View of Monterey, California’s harbor from its famous Fisherman’s Wharf.

 Monterey is located south of San Francisco on the California Coast.  It’s fishing harbor is sandwiched between two wharfs, or piers.  The western pier, called Fisherman’s Wharf, is for tourists, while the eastern one is the original “Cannery Row”.  This one’s appearance is definitely more rough and ready than the other, and fresh seafood can be purchased by the public.  You’ll find few people on the commercial wharf, while Fisherman’s Wharf is a tourist promenade lined with shops and restaurants.  The commercial wharf sits far out in the harbor and offers nice simple photos.  I find it refreshing that the actual cannery row is still intact and in no way prettied-up for tourists.

Crabs, oysters and lobster fresh from the sea are offered up on Monterey's Fisherman's Wharf.

Crabs, oysters and lobster fresh from the sea are offered up on Monterey’s Fisherman’s Wharf.

Fisherman’s Wharf is loaded with seafood restaurants, along with a few gift shops and a bar or two. It’s a fairly short walk to the end.  Most restaurants station someone outside to offer free samples.  When the light is good, it is an excellent place for a photo walk, followed by oyster shooters or fresh steamed crab.  You can walk between the two piers in short time, and there is a parking area between (or park in the nearby downtown).

A fishing boat lies in Monterey, California's harbor.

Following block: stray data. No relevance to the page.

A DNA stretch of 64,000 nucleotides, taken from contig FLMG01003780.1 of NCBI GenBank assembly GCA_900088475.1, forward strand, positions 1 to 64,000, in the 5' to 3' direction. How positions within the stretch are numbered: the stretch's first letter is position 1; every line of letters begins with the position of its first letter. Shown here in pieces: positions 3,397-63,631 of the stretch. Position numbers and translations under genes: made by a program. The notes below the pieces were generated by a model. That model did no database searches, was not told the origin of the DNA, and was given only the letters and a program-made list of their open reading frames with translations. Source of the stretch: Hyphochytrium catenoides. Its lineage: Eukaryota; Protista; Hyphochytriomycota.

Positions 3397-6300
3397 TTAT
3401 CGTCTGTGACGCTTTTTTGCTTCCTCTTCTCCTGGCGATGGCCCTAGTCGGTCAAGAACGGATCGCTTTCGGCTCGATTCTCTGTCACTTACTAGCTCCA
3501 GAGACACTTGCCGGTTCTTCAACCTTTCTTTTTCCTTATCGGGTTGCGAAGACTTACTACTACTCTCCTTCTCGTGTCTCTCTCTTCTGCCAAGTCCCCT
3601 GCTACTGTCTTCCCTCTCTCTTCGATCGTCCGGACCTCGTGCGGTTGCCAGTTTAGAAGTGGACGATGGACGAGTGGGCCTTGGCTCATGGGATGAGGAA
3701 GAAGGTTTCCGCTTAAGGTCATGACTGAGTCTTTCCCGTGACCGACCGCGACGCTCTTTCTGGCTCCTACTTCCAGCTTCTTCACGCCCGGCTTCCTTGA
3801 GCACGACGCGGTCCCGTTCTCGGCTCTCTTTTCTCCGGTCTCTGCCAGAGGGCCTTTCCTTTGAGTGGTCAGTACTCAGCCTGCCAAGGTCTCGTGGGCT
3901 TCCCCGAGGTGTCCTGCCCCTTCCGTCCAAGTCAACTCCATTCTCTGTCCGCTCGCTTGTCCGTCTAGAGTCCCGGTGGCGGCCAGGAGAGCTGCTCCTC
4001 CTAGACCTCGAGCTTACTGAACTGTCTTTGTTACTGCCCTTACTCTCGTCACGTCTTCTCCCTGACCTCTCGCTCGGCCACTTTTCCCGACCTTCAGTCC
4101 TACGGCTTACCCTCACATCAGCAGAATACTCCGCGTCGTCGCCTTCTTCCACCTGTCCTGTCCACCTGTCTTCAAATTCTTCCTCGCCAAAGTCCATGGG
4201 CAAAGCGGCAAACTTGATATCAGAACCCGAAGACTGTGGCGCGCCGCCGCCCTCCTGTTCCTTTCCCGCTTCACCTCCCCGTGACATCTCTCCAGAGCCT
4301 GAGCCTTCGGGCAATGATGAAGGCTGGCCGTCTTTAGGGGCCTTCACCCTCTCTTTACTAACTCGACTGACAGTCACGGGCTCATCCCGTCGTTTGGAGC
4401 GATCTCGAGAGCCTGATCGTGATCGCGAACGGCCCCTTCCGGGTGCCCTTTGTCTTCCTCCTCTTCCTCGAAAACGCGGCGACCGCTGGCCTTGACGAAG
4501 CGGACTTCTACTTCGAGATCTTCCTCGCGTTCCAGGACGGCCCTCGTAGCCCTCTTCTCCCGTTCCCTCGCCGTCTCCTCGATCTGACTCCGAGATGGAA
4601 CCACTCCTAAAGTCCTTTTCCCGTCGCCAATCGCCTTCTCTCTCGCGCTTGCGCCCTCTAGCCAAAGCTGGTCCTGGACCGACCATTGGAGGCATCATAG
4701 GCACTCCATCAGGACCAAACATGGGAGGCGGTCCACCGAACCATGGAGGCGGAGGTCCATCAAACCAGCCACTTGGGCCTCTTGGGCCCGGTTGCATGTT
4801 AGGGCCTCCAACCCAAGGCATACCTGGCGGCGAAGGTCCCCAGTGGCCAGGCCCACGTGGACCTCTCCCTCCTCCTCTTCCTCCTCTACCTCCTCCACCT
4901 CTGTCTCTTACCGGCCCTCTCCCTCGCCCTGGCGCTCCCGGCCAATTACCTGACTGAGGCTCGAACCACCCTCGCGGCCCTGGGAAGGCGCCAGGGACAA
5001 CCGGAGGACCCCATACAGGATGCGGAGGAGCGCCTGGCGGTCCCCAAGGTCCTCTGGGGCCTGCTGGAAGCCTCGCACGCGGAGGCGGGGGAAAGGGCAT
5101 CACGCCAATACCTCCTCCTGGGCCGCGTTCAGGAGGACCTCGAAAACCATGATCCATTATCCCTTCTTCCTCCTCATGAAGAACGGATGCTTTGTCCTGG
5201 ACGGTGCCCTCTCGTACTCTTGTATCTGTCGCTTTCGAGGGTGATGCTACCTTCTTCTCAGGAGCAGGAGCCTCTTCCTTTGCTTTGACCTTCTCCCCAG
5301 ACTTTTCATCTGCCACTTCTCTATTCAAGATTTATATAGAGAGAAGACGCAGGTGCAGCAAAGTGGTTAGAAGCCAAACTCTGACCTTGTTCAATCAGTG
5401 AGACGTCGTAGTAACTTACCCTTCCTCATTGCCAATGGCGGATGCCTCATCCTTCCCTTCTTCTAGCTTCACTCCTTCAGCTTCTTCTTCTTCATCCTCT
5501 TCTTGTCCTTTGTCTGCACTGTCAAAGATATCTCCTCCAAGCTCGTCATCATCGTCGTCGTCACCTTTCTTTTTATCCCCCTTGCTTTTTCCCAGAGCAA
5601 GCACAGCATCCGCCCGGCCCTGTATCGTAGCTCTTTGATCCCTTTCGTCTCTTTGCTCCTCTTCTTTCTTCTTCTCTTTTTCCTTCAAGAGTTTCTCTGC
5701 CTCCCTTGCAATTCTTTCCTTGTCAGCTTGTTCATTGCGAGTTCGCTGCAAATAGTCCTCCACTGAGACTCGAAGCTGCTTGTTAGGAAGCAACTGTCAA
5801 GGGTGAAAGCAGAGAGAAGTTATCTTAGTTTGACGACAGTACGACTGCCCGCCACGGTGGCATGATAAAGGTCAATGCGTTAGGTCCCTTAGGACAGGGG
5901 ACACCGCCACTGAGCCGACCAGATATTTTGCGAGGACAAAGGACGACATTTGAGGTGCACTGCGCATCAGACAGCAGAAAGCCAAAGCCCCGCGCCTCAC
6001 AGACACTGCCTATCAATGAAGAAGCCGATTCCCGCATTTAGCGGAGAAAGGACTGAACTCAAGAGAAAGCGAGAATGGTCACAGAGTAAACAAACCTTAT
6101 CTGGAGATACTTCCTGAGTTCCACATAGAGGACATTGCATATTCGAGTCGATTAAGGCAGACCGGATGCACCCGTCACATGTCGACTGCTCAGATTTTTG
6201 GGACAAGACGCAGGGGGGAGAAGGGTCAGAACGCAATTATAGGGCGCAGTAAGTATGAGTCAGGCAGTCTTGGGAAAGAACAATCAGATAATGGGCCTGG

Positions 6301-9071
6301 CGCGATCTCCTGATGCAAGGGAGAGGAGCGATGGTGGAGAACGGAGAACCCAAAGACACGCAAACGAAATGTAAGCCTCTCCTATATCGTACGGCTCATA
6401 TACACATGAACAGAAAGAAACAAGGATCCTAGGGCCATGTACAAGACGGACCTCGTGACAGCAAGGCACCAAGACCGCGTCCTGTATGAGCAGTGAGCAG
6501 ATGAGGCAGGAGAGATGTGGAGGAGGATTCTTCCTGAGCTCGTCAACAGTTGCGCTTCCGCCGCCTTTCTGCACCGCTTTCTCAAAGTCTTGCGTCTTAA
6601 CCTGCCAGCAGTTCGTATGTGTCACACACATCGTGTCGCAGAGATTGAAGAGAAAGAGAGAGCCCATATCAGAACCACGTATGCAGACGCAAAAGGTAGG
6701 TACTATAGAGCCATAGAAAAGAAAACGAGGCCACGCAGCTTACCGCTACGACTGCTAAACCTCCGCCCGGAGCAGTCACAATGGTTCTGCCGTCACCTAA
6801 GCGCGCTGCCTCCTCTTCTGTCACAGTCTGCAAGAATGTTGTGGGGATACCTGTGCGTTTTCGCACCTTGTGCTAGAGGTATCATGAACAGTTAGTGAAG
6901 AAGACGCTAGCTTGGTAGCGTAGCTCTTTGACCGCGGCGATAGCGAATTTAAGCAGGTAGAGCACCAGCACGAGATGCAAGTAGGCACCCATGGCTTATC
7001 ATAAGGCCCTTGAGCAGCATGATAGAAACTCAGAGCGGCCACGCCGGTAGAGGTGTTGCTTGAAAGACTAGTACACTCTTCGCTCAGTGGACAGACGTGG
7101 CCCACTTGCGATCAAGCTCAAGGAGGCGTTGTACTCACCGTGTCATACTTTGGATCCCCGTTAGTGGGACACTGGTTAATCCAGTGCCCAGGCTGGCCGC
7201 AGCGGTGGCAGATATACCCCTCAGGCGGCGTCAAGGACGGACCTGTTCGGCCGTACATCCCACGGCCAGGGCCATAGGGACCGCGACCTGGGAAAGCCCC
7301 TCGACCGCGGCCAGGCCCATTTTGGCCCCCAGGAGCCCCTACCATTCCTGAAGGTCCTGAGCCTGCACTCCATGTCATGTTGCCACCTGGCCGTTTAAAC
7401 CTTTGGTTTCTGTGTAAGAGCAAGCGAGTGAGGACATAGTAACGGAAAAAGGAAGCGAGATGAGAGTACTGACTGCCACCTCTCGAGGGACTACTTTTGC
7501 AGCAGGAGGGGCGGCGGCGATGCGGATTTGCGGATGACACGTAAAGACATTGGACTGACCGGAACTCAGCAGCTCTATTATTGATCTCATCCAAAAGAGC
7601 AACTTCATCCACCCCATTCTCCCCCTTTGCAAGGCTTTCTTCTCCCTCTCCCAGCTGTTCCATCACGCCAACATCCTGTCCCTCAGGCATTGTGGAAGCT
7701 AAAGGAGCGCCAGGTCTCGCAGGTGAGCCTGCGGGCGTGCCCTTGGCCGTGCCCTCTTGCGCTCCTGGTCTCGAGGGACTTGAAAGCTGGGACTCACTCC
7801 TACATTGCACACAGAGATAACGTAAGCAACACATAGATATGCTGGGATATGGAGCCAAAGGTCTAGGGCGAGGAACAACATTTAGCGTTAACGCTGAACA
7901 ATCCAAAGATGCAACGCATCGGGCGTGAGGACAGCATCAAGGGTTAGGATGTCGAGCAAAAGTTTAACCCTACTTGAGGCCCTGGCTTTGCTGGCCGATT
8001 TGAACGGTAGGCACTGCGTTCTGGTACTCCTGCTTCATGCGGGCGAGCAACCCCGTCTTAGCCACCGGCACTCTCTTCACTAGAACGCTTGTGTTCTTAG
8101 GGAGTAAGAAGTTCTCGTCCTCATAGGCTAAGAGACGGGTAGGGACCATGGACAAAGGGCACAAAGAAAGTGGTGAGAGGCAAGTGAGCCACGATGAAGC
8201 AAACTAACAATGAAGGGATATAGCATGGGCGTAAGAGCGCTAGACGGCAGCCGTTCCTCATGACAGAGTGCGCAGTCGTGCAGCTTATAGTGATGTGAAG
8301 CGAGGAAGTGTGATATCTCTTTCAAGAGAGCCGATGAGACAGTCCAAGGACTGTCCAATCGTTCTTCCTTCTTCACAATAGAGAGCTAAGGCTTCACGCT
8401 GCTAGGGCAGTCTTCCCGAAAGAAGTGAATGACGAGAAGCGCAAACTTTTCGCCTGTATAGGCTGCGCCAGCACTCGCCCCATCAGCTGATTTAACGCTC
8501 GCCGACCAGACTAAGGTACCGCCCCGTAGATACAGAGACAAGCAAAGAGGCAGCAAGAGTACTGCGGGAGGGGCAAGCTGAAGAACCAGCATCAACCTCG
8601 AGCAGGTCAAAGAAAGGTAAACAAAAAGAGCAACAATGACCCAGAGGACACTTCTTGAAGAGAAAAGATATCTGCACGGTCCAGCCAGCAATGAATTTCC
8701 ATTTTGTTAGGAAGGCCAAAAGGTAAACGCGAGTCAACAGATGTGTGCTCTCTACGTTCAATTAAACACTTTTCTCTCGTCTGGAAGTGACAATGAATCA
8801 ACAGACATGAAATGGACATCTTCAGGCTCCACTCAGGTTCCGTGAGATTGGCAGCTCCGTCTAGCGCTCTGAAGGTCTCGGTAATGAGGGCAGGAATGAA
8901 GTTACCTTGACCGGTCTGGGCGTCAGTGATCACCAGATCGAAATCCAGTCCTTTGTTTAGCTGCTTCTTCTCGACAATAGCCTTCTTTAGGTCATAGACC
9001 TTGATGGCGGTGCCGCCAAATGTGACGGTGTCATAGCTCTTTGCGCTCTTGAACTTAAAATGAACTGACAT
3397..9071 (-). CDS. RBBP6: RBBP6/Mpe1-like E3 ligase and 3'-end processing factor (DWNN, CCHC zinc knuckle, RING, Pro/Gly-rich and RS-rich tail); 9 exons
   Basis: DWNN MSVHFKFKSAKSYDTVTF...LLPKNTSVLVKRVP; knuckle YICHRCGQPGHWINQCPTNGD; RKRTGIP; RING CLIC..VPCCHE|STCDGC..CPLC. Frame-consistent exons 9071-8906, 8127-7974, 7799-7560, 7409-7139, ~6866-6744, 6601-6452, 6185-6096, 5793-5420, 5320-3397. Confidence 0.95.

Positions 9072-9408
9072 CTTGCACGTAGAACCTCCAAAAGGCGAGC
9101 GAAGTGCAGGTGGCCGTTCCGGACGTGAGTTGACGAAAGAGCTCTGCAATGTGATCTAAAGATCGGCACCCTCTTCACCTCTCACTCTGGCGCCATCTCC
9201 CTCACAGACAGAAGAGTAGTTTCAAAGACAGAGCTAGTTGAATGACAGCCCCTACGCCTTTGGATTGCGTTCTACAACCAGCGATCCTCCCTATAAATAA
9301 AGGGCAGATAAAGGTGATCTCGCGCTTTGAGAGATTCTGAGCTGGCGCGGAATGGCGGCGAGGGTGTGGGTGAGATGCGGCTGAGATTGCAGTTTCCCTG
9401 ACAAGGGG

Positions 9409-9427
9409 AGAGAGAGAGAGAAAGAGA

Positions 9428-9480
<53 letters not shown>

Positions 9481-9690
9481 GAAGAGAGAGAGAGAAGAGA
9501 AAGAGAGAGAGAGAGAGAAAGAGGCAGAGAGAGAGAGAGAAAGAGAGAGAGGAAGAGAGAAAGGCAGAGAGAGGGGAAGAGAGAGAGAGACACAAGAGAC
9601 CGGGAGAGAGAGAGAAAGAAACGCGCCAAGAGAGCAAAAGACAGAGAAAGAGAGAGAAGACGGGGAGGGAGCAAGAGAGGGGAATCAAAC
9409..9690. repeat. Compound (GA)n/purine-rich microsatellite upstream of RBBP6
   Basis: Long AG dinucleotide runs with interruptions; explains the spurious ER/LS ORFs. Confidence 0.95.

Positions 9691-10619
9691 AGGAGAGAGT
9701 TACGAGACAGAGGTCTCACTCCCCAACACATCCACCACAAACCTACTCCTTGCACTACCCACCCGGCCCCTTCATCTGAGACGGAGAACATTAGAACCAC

A fishing boat lies in Monterey, California’s harbor.

 Downtown Monterey is also a nice, walkable place.  All in all I liked this place much better than nearby Carmel by the Sea (which is more crowded and upscale).  True, Carmel has Clint Eastwood as a resident, but that’s one of its few advantages.

The famous Monterey Bay Aquarium is nearby, but I did not visit this time.  It’s just too popular a place to visit during the week before New Years, so I’ll have to see that some other time.

Barrels of salt water taffy tempt visitors to the candy shop on the wharf in Monterey, California.

Barrels of salt water taffy tempt visitors to the candy shop on the wharf in Monterey, California.

 That’s all for now.  If you are interested in any of the photos on my site, don’t hesitate to click on one and check out my website.  The photos will be there very soon, but contact me if you want immediate gratification. Please don’t try to download these copyrighted images . These versions are really too small in file size to be of much use anyway.  Thanks very much for your cooperation and interest.  And Happy New Year!!!

The harbor at Monterey, California is dominated these days by pleasure craft.

The harbor at Monterey, California is dominated these days by pleasure craft.

The fishing harbor at Monterey, California is illuminated with winter's late afternoon light.

The fishing harbor at Monterey, California is illuminated with winter’s late afternoon light.